Coffee is the fountain of life for most Americans. A cup of steamy hot coffee with just the right amount of flavor and bitter body makes any gloomy day a lot brighter. The remote work era has boomed, and with it, an increase in coffee lovers looking for in-home brewing solutions. The pour over and standard drip coffee are two of the most common brew types which we will cover here.
Pour over versus Drip Coffee
Pour over coffee is considered the artisanal method of brewing coffee. This easy at-home method of brewing coffee is increasingly popular with anyone looking to get a delicious cup of java without having to get into a queue at Starbucks. Pour-over coffee is a manual method that allows you to control many aspects of the brew process, thereby producing some of the best possible cups of coffee…or at least the one that best fits your profile.
Many artisanal coffee shops use this method to brew single-serving cups of coffee. The process involves placing a pour-over coffee maker over a mug or a carafe and slowly pouring water over coffee grounds. The method releases aromatic oils and flavors from the grounds and is known to produce a very consistently good cup of coffee every time.
The workhorse of regular coffee is known as a drip coffee maker. These daily machines are mostly automated and can be set to produce coffee at a specific time each day. You fill the coffee grounds up in the machine and select a time you want the coffee done.
The drip coffee maker gets its name from the process of how the water passes through the coffee grounds. The water heats up and creates pressure within the machine, it pushes up, and gravity helps bring the water down through the coffee grounds. The water begins to drip through the coffee grounds.
The pros of Pour-over home brewing
There are a lot of advantages to pour-over coffee making. One of the reasons this brew method is so popular is its control over your brew. You can control the strength, flavor, and speed at which the hot water passes through the coffee. The amount of water you want to add is also entirely up to your preferences. Pour-over coffee makers are versatile and can be used to make cold brew coffee and espresso too!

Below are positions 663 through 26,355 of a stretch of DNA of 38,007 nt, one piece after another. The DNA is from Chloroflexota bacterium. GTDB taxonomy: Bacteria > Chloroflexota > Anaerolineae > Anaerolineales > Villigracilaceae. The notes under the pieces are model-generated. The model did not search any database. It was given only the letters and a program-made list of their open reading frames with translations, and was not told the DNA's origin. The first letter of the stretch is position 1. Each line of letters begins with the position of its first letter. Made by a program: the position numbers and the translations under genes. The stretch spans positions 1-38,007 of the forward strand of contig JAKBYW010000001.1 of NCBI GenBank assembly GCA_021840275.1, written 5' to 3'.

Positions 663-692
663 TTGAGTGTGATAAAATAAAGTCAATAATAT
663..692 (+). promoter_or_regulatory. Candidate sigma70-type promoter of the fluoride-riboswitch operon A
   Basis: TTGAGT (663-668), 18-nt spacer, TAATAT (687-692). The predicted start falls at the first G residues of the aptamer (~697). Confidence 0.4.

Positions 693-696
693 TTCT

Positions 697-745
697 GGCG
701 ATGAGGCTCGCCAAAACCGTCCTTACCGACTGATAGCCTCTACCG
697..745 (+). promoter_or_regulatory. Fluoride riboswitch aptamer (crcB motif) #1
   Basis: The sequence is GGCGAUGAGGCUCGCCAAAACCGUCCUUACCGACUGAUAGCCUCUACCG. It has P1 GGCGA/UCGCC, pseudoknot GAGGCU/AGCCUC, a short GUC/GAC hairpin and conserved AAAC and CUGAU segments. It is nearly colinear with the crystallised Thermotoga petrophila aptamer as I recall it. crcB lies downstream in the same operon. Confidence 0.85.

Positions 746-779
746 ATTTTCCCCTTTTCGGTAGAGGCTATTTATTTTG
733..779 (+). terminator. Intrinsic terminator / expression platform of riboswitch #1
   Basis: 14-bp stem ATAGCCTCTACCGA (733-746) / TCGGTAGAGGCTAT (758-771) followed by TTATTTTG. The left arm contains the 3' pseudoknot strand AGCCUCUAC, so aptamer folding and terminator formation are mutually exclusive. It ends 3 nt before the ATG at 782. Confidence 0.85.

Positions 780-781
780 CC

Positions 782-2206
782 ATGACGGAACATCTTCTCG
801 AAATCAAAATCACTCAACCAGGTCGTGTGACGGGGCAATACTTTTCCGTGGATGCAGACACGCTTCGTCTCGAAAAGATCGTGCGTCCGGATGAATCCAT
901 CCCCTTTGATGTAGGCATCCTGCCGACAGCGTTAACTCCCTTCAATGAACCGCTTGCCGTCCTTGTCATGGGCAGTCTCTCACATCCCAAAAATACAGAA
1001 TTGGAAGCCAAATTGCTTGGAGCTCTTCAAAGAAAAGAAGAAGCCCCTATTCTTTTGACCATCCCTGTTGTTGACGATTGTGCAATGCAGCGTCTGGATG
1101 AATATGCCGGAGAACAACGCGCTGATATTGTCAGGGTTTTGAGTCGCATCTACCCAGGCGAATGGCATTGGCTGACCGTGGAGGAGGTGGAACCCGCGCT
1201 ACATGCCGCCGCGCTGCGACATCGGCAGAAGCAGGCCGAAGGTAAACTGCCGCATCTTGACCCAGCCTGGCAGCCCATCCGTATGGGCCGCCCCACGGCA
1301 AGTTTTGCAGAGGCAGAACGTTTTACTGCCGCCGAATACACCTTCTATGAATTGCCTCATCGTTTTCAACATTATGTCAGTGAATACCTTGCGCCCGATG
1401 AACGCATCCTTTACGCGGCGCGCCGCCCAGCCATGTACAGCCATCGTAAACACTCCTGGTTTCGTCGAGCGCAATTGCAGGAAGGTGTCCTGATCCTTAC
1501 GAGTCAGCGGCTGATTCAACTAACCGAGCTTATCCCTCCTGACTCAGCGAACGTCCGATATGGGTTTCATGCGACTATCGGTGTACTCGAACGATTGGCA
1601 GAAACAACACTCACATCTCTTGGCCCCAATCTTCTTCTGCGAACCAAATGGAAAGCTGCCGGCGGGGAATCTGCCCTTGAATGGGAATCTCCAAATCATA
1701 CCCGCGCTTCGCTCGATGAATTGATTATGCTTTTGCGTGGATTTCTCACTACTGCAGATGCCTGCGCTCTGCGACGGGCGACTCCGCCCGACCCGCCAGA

The brewing process is designed to get the best flavors out of your coffee. It naturally takes more time than using a drip coffee machine but the results are worth the wait and extra effort. When people call coffee brewing an art, images of pour overs immediately come to mind. For some pour-over coffee enthusiasts, making coffee in this manner is a part of daily meditation. The Pour-over brewing method is ideally suited to serious coffee drinkers and baristas.
The pros of Drip brewing coffee
Drip coffee is quick and easy. Minimal effort is required to get a good cup of coffee. Of course, the biggest difference is that drip brewing involve an actual coffee machine. While these machines will be more expensive than a pour over device, there's a huge value in the convenience and time-saving benefits it affords.
Many homes use drip coffee makers as a quick grab-and-go first coffee of the morning solution. Most modern drip brewers are automated and have a timer that you can set; all you need to do is make sure your pot is in place and that there is enough water and fresh coffee grounds.
A drip brewer is best suited for the casual coffee drinker who also values convenience. There are plenty of brands of drip makers on the market, and some are very affordable.
Getting the best Pour-over
The kind of pour-over coffee maker isn't of huge importance as they all work using the same basic principles.
Some prefer the ease of an all-in-one coffee maker (like the Uno Casa). These have a carafe with a removable filter; this kind is often easiest to use as you don't need to balance the filter stand on top of a mug. However, there are plenty of over mug brands; make sure the one you get is sturdy and stays put when pouring your water in.
Here is how to get the best pour every time:
- Heat your water to between 195 – 205 degrees Fahrenheit
- While your water is heating up, grind the coffee beans and prep your filter.
- Measuring the right amount of coffee for your cup, place the coffee grounds into the filter
- Wet the grounds slightly with some warm water
- Begin pouring the water in a clockwise motion for 30 seconds, stop pouring, allow the coffee to bloom
- Once the water has drained, pour for another 30 seconds, allow the coffee to filter into the carafe or mug slowly.
- Enjoy your cup of home-brewed bliss, whether you like it with a dash of cream or a spoon of sugar.
- Tip: It helps to have the exact amount of water needed measured out. A gooseneck kettle is also perfect for slow pouring; the long spout ensures you can pour water evenly across the ground beans. Most gooseneck kettles have a built-in temperature gauge.
Hopefully this overview of the differences between pour overs and drip coffee makers has given you a starting point for choosing your best brew method. Each coffee drinker is different so be sure to consider your own personal needs before making the investment. Beyond these two popular brewing methods are plenty of other options such as the French Press and Moka Pot.
If you're looking to learn even more about the world of coffee brewing, check out our helpful infographic.